By Leander Kahney
Mar, 06, 2007
A judge ordered Apple last January to pay the $700,000 legal fees of two
websites that reported on an unreleased product code-named "Asteroid."
Apple had sued the sites seeking the identities of leakers within its
ranks, but lost the case.
I was talking recently with an ex-Apple staffer who worked high up at
the company for many years, often closely with CEO Steve Jobs.
The programmer, who asked not to be named, was convinced the Asteroid
product was invented, a figment of Jobs' imagination dreamed up to find
the source of leaks -- the old "canary trap."
It's an espionage trick used to find the source of a leak: Feed each
person in the organization a slightly different piece of information,
and see who sings. The name comes from the novels of Tom Clancy; British
spies called the tactic a "barium meal," after a drink given before
stomach X-rays to illuminate the digestive system.
"That's how devious they are," the programmer said. "They wouldn't do it
with a real product. There's too many details and too many legitimate
ways information could leak out. But with a phony product, Steve knows
what information went where. The proof is that the product hasn't come
out -- and still hasn't."
At first I thought this was plausible -- Jobs certainly seems capable of
it -- but think about it for a second.
If Jobs was setting a canary trap, why would he need to sue the outlets
of his misinformation? If it were a trap, the publication of any
information he'd planted would be all he needed. Going on to sue the
publications is an unnecessary step. (Unless he were trying to cover up
the canary trap -- but this is too devious even for a spy novel).
Canary traps are widely used to uncover industrial espionage. A private
investigator once told me about a Silicon Valley company in the mid-'80s
that had a problem losing key customers to the competition. The
investigator had several lists of customers made up, each sprinkled with
bogus phone numbers. Different lists were given to different people. The
investigator just waited to see which of the phony phone lines he'd set
up began ringing.
Recently, it seems to have become common knowledge that Jobs plays these
kind of espionage games. Recent stories about how the iPhone was kept
secret mentioned tactics like nondisclosure agreements, misinformation
and phony prototypes. These stories were much discussed on blogs,
Slashdot and Digg.
It's true that Jobs is very secretive -- but he certainly doesn't play
devious spy games.
Here's how Jobs keeps secrets. Like every company in the Valley, Apple
uses nondisclosure agreements and code names. There's no point
telegraphing to the competition what you're up to if you don't have to.
Jobs also keeps information on a need-to-know basis. Different product
groups are told only what they must know to finish their parts of the
product. It's a classic cell structure, like a spy organization. The
executive team members are the only ones who know the big picture.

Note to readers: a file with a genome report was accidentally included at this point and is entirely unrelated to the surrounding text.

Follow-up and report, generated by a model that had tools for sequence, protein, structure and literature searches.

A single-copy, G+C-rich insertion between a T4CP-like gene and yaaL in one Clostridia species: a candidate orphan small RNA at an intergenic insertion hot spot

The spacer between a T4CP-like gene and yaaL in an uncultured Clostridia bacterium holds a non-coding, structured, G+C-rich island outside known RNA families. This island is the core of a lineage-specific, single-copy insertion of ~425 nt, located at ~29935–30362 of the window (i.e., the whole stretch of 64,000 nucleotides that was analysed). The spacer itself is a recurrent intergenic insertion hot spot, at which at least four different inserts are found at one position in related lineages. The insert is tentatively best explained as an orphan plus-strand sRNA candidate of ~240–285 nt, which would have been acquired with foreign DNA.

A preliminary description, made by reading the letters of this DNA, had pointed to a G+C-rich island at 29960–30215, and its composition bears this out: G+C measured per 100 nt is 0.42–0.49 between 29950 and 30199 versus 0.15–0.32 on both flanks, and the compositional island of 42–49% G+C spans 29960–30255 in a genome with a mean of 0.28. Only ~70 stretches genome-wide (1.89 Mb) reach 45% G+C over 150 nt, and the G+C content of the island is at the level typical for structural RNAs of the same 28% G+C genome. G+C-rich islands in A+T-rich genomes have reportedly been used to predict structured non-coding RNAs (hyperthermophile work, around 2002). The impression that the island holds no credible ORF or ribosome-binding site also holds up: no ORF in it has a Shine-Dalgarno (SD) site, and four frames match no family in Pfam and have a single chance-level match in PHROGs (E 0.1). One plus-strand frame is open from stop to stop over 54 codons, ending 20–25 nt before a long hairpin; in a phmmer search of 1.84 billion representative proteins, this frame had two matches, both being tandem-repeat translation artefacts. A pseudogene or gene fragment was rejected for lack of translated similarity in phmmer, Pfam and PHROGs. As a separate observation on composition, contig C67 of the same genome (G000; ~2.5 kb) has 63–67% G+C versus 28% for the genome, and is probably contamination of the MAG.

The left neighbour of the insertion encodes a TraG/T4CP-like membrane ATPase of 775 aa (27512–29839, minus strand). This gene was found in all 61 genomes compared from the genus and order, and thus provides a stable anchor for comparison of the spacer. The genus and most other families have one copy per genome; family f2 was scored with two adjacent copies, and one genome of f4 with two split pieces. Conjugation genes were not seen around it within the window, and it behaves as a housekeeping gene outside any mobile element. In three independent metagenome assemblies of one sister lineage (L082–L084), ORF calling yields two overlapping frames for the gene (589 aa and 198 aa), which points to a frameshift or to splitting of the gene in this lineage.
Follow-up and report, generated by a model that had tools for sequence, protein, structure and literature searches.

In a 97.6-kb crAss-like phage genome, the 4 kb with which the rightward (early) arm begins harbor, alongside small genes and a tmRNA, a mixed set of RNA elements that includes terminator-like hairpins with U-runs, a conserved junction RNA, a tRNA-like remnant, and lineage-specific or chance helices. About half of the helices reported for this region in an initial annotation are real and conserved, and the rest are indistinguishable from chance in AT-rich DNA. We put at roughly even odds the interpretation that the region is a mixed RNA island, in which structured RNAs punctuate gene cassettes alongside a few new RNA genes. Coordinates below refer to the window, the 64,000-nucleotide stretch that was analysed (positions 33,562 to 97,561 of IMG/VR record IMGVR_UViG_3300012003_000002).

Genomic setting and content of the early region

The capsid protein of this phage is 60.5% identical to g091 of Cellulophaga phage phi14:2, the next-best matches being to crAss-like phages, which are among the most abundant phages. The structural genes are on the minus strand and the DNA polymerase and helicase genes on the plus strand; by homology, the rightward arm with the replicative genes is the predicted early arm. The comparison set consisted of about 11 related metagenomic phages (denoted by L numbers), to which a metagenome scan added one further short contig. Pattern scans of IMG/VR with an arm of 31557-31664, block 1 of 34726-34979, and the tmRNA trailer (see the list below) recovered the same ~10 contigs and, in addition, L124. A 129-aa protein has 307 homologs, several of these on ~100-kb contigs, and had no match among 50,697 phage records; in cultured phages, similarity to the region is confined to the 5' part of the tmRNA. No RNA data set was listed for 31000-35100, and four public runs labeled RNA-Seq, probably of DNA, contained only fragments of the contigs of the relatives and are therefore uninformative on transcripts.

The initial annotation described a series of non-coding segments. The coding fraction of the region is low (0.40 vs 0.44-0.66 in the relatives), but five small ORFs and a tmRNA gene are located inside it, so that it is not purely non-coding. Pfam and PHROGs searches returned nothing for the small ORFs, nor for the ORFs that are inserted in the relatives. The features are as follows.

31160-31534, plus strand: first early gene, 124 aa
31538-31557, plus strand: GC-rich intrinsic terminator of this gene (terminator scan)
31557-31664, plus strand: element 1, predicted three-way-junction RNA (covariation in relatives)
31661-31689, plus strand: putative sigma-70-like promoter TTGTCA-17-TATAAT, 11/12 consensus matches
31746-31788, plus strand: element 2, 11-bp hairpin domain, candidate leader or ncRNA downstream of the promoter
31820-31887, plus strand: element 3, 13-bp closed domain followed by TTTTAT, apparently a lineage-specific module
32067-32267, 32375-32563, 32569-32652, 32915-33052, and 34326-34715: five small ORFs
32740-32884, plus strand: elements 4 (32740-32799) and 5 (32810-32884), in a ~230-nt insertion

Take the iPod name. The only department in Apple that knew the name of
the iPod ahead of its unveiling was the graphics department, because it
designed the product packaging and advertising materials. Everyone else
referred to its code name, "Dulcimer."
And then there are the rumors of hardware prototypes disguised in big
polycarbonate boxes to hide their final shape. One ex-Apple executive
told me that the hardware is put in big boxes to make it easy to debug,
just like a Radio Shack project box. It doesn't hurt that no one can see
what the final product will look like -- especially when prototypes are
shipped to outside partners for testing or development -- but that's not
their primary purpose.
Some of Apple's secrecy measures get a little extreme. When Jobs hired
Ron Johnson from Target to head up Apple's retail effort, he asked him
to use an alias for several months lest anyone get wind the Mac maker
was working on retail stores. Johnson was listed on Apple's phone
directory under a false name, which he used to check in to hotels.
Apple's head of marketing, Phil Schiller, said he's not allowed to tell
his wife or kids what he's working on. His teenage son, an avid iPod
fan, was desperate to know what his dad was cooking up at work, but
daddy had to keep his trap shut because he might get canned.
Even Jobs himself is subject to his own strictures: He took an iPod
hi-fi boombox home for testing, but kept it covered with a black cloth.
And he listened to it only when no one else was around.
Why is Apple so secretive? Many think it's a quirk of Jobs' control
freakery, but it's simply good business and good marketing.
Jobs makes millions of dollars in free advertising every time he steps
onto a stage to reveal a new product. It's called "event marketing," and
he learned it from his marketing mentor, John Sculley, who Jobs
recruited to be Apple's CEO in 1983.
Sculley made product announcements an event, a piece of theater, and the
press happily rolled the TV crews to cover it. And since the unveiling
of the original Mac in 1984, Jobs has used the same strategy.
If everyone knows what the product is ahead of time, it's not news. And
that's why Jobs keeps his million-dollar secrets.
Leander Kahney is managing editor at Wired News and the author of two
books about technology culture: The Cult of Mac and The Cult of IPod. He
contributes to the Cult of Mac blog.
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